Purpose: Use of RNA interference as novel therapeutic strategy is hampered by inefficient delivery of its mediator, siRNA, to target cells. Cationic polymers have been thoroughly investigated for this purpose but often display unfavorable characteristics for systemic administration, such as interactions with serum and/or toxicity. Methods: We report the synthesis of a new PEGylated polymer based on biodegradable poly(amido amine)s with disulfide linkages in the backbone. Various amounts of PEGylated polymers were mixed with their unPEGylated counterparts prior to polyplex formation to alter PEG content in the final complex. Results: PEGylation effectively decreased polyplex surface charge, salt- or serum-induced aggregation and interaction with erythrocytes. Increasing amount of PEG in formulation also reduced its stability against heparin displacement, cellular uptake and subsequent silencing efficiency. Yet, for polyplexes with high PEG content, significant gene silencing efficacy was found, which was combined with almost no toxicity. Conclusions: PEGylated poly(amido amine)s are promising carriers for systemic siRNA delivery in vivo. © The Author(s) 2011.

Yousefi A.,Universiteitsweg 99 | Storm G.,Universiteitsweg 99 | Schiffelers R.,University Utrecht | Mastrobattista E.,Universiteitsweg 99
Journal of Controlled Release | Year: 2013

Delivery of nucleic acids to tumors has received extensive attention in the past few decades since these molecules are capable of treating disease by modulating the source of abnormalities. Although high efficiency and low toxicity of numerous delivery systems for nucleic acids have been approved frequently with in vitro assays, contradictions have been observed in many cases between these results and what has occurred in the dynamic in vivo situation. Filling this gap seems to be crucial for further preclinical development of such systems. In this paper, we discuss various barriers which polymeric DNA or siRNA nanoparticles encounter upon systemic administration with an aim to assist in designing more relevant in vitro assays. Furthermore, individual considerations concerning delivery of DNA and siRNA have been addressed. © 2013 Published by Elsevier B.V.

De Mol N.J.,Universiteitsweg 99 | Kruijtzer J.A.W.,Universiteitsweg 99 | Moret E.E.,Universiteitsweg 99 | Broutin I.,University of Paris Descartes | Liskamp R.M.J.,Universiteitsweg 99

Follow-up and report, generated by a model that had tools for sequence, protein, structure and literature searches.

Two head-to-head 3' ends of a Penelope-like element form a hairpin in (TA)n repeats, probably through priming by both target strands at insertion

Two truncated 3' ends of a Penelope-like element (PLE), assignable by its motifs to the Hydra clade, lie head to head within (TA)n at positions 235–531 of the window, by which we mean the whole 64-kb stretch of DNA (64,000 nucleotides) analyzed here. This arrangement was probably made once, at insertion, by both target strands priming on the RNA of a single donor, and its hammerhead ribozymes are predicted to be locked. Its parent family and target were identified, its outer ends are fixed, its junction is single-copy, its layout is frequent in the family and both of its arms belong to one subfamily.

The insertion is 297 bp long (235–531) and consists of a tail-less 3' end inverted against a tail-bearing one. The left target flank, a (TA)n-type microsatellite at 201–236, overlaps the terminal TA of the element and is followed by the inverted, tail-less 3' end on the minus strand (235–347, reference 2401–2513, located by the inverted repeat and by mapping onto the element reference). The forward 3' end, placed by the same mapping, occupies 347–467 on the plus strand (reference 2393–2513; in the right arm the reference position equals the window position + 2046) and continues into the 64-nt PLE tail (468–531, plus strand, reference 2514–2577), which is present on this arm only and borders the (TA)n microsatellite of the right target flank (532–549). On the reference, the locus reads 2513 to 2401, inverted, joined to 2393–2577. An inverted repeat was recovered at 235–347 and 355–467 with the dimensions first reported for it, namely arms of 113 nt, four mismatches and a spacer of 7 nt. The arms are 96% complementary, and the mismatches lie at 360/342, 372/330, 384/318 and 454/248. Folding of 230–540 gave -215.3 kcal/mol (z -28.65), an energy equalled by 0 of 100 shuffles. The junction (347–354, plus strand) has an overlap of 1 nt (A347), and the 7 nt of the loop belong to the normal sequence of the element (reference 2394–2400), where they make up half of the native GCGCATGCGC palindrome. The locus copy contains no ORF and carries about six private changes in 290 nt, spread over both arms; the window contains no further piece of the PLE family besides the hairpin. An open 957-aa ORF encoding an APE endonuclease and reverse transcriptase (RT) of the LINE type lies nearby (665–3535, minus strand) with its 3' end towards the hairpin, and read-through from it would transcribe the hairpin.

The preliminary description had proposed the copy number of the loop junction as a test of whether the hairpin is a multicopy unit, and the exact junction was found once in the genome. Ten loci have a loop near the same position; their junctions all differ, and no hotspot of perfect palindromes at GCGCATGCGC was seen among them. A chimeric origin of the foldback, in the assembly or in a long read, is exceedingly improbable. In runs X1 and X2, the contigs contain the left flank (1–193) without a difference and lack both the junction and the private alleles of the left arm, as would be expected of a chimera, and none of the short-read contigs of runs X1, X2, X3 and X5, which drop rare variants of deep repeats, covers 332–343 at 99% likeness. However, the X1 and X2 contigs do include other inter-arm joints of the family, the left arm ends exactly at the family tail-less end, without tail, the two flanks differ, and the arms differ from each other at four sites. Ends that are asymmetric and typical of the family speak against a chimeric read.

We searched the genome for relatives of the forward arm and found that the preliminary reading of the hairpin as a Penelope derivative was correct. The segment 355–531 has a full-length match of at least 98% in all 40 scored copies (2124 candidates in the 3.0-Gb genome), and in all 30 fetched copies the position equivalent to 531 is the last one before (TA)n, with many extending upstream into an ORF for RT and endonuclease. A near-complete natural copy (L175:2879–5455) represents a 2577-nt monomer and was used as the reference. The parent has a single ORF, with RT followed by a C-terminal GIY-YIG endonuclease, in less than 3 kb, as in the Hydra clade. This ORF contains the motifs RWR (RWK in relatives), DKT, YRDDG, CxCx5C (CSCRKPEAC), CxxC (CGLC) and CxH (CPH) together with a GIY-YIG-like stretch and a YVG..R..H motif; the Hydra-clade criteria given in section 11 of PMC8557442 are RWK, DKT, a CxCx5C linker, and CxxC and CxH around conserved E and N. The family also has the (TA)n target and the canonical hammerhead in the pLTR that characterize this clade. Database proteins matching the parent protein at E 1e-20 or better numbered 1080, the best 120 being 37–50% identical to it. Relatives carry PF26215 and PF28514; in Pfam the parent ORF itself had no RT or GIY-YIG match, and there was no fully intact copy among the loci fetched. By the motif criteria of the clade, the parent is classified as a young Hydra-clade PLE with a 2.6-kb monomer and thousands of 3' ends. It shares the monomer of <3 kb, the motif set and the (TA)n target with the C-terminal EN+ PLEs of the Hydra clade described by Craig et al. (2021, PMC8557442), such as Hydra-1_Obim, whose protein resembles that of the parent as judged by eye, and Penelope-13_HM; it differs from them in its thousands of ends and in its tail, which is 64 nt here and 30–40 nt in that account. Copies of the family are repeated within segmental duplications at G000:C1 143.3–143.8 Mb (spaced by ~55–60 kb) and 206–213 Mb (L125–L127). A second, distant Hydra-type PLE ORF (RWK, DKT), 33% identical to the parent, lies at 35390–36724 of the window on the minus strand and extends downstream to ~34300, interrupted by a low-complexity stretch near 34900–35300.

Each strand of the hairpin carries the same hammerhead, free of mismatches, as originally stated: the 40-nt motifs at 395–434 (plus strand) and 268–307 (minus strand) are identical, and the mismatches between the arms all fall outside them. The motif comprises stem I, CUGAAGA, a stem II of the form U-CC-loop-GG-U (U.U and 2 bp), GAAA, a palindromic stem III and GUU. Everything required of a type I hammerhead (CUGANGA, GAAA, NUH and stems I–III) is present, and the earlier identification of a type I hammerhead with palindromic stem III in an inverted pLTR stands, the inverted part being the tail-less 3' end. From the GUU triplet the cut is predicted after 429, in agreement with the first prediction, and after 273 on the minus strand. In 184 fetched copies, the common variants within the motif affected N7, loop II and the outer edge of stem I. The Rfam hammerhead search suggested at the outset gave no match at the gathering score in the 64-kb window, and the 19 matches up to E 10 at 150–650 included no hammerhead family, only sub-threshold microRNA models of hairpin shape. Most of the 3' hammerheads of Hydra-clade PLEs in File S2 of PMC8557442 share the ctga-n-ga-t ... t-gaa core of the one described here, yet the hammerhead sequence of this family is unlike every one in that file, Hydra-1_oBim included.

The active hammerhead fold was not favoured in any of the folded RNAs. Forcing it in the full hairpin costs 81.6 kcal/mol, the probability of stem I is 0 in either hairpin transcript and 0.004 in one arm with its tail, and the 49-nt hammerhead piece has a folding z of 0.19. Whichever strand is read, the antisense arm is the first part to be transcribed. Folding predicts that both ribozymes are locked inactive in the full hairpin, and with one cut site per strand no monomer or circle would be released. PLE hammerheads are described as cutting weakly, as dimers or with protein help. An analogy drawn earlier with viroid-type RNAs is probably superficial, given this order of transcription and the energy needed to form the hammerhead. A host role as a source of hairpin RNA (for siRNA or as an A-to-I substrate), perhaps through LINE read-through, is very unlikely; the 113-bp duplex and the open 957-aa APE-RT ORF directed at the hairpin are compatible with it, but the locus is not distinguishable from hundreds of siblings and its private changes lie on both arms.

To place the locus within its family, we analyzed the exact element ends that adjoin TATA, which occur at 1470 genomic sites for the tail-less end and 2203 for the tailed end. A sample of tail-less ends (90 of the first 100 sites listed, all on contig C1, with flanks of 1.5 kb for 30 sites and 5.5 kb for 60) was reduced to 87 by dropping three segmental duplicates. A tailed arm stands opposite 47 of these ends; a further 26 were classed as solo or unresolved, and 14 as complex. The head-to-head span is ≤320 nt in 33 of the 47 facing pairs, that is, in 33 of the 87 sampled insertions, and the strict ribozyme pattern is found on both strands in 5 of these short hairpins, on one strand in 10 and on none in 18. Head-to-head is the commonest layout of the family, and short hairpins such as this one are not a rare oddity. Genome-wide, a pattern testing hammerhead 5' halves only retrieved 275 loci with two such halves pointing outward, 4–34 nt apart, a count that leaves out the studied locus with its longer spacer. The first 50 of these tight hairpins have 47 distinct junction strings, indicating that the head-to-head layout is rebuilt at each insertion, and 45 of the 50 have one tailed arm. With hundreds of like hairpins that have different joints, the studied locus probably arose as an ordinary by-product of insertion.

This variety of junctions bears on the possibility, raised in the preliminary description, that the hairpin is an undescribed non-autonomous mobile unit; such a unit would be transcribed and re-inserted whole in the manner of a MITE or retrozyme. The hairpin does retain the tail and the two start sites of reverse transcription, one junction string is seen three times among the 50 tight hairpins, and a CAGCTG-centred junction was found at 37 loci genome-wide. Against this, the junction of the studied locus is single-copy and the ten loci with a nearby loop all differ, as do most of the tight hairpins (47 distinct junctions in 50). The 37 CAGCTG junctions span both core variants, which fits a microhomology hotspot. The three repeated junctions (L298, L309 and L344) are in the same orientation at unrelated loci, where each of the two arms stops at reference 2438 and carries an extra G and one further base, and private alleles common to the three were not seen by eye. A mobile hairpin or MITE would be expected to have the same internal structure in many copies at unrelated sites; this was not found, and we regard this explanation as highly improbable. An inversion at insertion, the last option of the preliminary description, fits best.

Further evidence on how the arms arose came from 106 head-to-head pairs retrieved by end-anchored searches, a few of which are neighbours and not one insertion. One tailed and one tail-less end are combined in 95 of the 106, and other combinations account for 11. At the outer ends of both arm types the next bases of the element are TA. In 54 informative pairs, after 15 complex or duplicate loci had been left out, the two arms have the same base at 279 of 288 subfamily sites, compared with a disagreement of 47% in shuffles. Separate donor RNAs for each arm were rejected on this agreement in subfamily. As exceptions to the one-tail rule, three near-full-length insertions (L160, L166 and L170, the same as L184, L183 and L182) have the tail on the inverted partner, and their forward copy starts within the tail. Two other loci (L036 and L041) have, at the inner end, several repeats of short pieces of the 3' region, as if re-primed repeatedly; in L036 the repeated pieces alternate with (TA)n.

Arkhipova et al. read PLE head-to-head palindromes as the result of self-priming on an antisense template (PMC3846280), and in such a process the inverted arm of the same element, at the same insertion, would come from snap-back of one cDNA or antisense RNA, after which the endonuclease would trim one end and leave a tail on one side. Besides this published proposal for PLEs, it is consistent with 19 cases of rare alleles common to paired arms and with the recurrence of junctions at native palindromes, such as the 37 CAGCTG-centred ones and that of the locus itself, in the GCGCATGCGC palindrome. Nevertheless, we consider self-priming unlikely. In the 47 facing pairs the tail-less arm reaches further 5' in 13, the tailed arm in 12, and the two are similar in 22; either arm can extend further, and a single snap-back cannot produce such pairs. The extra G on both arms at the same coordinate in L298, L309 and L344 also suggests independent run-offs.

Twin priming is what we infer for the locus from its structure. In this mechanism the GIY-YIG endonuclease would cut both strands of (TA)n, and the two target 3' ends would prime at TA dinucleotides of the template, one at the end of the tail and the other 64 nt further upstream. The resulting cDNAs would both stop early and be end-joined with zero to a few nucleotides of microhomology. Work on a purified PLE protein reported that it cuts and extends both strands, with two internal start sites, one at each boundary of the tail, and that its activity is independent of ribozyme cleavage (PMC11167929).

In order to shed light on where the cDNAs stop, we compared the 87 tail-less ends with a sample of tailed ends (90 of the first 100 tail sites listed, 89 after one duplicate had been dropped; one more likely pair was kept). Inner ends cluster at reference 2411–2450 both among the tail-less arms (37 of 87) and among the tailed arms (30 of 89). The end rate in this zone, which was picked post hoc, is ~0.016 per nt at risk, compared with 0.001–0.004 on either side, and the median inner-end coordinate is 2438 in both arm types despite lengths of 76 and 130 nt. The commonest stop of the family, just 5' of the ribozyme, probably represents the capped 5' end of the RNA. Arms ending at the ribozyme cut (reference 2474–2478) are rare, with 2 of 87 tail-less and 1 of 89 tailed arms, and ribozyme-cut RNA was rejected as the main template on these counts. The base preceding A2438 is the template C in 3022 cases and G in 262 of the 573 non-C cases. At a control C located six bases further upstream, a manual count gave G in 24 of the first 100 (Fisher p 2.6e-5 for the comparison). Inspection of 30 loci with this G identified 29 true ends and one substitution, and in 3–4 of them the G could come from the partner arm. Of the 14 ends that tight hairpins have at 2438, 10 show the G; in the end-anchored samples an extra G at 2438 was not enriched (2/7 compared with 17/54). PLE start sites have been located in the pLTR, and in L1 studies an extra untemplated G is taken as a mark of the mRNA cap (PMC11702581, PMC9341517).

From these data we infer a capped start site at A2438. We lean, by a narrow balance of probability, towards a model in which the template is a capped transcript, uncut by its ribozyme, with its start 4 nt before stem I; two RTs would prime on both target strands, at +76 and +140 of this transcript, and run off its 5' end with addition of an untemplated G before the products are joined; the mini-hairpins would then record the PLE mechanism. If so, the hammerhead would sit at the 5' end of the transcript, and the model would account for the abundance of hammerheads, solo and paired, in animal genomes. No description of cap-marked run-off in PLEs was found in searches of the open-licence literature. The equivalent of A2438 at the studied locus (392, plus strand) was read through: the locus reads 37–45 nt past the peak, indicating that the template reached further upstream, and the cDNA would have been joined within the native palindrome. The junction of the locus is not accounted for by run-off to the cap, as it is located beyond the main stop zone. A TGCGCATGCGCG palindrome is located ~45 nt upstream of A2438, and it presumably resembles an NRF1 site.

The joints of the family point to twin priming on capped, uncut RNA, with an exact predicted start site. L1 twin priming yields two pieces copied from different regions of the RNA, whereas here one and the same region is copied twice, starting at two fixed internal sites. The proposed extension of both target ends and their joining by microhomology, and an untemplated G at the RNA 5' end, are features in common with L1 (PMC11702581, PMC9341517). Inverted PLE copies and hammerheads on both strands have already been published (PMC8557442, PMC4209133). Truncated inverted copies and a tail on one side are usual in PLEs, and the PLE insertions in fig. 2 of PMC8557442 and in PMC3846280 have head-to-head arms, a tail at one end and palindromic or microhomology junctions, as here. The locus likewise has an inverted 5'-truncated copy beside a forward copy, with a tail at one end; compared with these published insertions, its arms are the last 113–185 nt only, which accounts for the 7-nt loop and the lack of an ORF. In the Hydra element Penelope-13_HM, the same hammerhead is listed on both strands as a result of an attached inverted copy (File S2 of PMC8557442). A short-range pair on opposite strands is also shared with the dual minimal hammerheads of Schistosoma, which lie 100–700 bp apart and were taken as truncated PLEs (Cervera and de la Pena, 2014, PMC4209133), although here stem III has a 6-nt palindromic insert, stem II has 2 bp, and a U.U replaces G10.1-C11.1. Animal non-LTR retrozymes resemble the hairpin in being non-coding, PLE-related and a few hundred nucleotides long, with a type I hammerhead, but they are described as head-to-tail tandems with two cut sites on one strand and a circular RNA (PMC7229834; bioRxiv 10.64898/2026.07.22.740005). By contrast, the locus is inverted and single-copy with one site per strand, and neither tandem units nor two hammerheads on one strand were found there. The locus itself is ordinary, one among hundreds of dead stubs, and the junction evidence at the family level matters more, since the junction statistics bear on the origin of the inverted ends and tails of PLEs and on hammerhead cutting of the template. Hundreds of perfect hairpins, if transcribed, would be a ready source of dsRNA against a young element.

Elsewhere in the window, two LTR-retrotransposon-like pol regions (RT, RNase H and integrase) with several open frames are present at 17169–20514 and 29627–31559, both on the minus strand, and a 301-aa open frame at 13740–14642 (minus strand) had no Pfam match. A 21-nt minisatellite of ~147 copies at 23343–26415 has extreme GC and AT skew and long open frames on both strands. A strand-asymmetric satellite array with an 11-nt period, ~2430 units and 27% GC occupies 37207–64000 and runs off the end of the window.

Biochimica et Biophysica Acta - Proteins and Proteomics | Year: 2013

The Grb2 adapter protein is involved in the activation of the Ras signaling pathway. It recruits the Sos protein by binding of its two SH3 domains to Sos polyproline sequences. We observed that the binding of Grb2 to a bivalent ligand, containing two Sos-derived polyproline-sequences immobilized on a SPR sensor, shows unusual kinetic behavior. SPR-kinetic analysis and supporting data from other techniques show major contributions of an intermolecular bivalent binding mode. Each of the two Grb2 SH3 domains binds to one polyproline-sequence of two different ligand molecules, facilitating binding of a second Grb2 molecule to the two remaining free polyproline binding sites. A molecular model based on the X-ray structure of the Grb2 dimer shows that Grb2 is flexible enough to allow this binding mode. The results fit with a role of Grb2 in protein aggregation, achieving specificity by multivalent interactions, despite the relatively low affinity of single SH3 interactions. © 2012 Elsevier B.V.

Bartneck M.,RWTH Aachen | Scheyda K.M.,RWTH Aachen | Warzecha K.T.,RWTH Aachen | Rizzo L.Y.,RWTH Aachen | And 9 more authors.
Biomaterials | Year: 2015

Liposomes are routinely used carrier materials for delivering drug molecules to pathological sites. Besides in tumors and inflammatory sites, liposomes also strongly accumulate in liver and spleen. The potential of using liposomes to treat acute and chronic liver disorders, however, has not yet been evaluated. We here explored the therapeutic potential of dexamethasone (Dex)-loaded liposomes for inflammatory liver diseases, using experimental models of acute and chronic liver injury in mice. Fluorescently labeled liposomes predominantly accumulated in hepatic phagocytes, but also in T cells. Importantly, Dex-loaded liposomes reduced T cells in blood and liver, more effectively than free Dex, and endorsed the anti-inflammatory polarization of hepatic macrophages. In experimental chronic liver damage, Dex-loaded liposomes significantly reduced liver injury and liver fibrosis. In immune-mediated acute hepatitis Dex-loaded liposomes, but not free Dex, significantly reduced disease severity. T cells, not macrophages, were significantly depleted by Dex liposomes in liver disease models invivo, as further supported by mechanistic cell death invitro studies. Our data indicate that Dex liposomes may be an interesting treatment option for liver diseases, in particular for immune-mediated hepatitis. The depletion of T cells might represent the major mechanism of action of Dex liposomes, rather than their macrophage-polarizing activities. © 2014 Elsevier Ltd.